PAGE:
Conserve and sustainably use the oceans, sea and marine resources for sustainable development

The world’s oceans – their temperature, chemistry, currents and life – drive global systems that make the Earth habitable for humankind. Our rainwater, drinking water, weather, climate, coastlines, much of our food, and even the oxygen in the air we breathe, are all ultimately provided and regulated by the sea. Throughout history, oceans and seas have been vital conduits for trade and transportation.

Careful management of this essential global resource is a key feature of a sustainable future. However, at the current time, there is a continuous deterioration of coastal waters owing to pollution and ocean acidification is having an adversarial effect on the functioning of ecosystems and biodiversity. This is also negatively impacting small scale fisheries.

Marine protected areas need to be effectively managed and well-resourced and regulations need to be put in place to reduce overfishing, marine pollution and ocean acidification.


Most of the built environment is situated on land, but its activities affect the oceans.

The building industry affects the oceans through transport of building materials at sea, while existing settlements and cities discharge wastewater and other waste to the oceans. To help preserve life under water, we must reduce transport of building materials and components over long distances by sea through the development of local industries and production facilities. Furthermore, we must abolish the plastic wrapping of materials and components to reduce the sources of non-degradable waste that ends up in the oceans.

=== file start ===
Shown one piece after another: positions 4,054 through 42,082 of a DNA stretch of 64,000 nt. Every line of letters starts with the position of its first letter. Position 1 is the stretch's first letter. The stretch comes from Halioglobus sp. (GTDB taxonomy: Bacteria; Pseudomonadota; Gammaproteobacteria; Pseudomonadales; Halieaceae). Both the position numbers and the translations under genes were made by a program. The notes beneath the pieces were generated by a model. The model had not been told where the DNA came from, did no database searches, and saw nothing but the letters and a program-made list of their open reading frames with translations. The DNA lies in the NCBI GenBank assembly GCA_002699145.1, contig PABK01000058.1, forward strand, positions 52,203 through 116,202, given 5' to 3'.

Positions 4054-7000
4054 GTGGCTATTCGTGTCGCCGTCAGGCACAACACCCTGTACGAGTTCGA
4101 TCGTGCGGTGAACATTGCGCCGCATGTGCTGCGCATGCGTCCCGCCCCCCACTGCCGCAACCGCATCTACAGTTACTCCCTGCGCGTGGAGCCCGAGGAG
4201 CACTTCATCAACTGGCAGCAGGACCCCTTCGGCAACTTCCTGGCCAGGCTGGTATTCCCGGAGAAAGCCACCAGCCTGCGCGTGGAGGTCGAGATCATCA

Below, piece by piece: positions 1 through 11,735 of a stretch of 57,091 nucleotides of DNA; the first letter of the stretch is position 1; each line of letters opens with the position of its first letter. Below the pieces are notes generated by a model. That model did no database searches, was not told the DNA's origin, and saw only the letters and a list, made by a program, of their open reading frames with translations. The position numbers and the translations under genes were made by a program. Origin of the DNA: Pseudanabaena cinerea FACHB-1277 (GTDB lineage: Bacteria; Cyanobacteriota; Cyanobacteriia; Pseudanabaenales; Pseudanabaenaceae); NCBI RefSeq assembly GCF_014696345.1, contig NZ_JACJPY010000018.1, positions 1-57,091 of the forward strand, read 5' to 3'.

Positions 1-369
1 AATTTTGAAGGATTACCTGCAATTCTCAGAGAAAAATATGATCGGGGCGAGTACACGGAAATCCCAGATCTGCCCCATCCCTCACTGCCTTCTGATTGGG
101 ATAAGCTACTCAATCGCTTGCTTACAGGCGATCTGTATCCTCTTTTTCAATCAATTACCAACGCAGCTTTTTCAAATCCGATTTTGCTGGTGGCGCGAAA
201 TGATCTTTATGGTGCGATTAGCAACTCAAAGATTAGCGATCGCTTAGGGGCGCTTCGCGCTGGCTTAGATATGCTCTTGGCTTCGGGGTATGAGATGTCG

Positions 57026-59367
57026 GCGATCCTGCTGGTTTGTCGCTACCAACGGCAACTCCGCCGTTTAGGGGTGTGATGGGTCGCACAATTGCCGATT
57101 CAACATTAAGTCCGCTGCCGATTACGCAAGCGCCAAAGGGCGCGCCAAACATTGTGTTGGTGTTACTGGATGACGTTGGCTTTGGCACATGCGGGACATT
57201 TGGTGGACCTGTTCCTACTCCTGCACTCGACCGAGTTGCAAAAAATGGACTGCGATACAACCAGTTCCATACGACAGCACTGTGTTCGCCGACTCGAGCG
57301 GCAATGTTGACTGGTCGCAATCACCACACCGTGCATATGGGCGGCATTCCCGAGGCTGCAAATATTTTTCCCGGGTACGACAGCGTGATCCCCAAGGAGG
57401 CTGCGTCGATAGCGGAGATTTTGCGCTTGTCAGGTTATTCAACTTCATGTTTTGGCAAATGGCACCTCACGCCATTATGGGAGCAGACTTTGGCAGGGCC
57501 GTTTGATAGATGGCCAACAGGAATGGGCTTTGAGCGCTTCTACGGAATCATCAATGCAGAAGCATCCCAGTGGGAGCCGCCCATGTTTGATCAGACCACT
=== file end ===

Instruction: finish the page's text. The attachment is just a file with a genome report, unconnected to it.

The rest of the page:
Landscape design and urban planning must ensure that pollutants like pesticides, nitrogen and human waste are handled on site and do not reach the groundwater or the oceans. This means that sewer systems, overflow basins and wastewater treatment facilities are central parts of the built environment’s relationship to the oceans. Through architecture, planning and design, we can develop solutions that reduce cost and add co-benefits to water-managing infrastructure. Furthermore, landscape design can ensure regenerative processes on polluted land close to the sea.

Caution must be exercised when buildings or settlements are placed on the coast or in fragile coastal ecosystems; on the other hand, architecturally significant and carefully placed research and learning facilities in fragile coastal ecosystems can generate new knowledge and help increase public awareness.

CASE STUDIES Fischer Family August, Denmark


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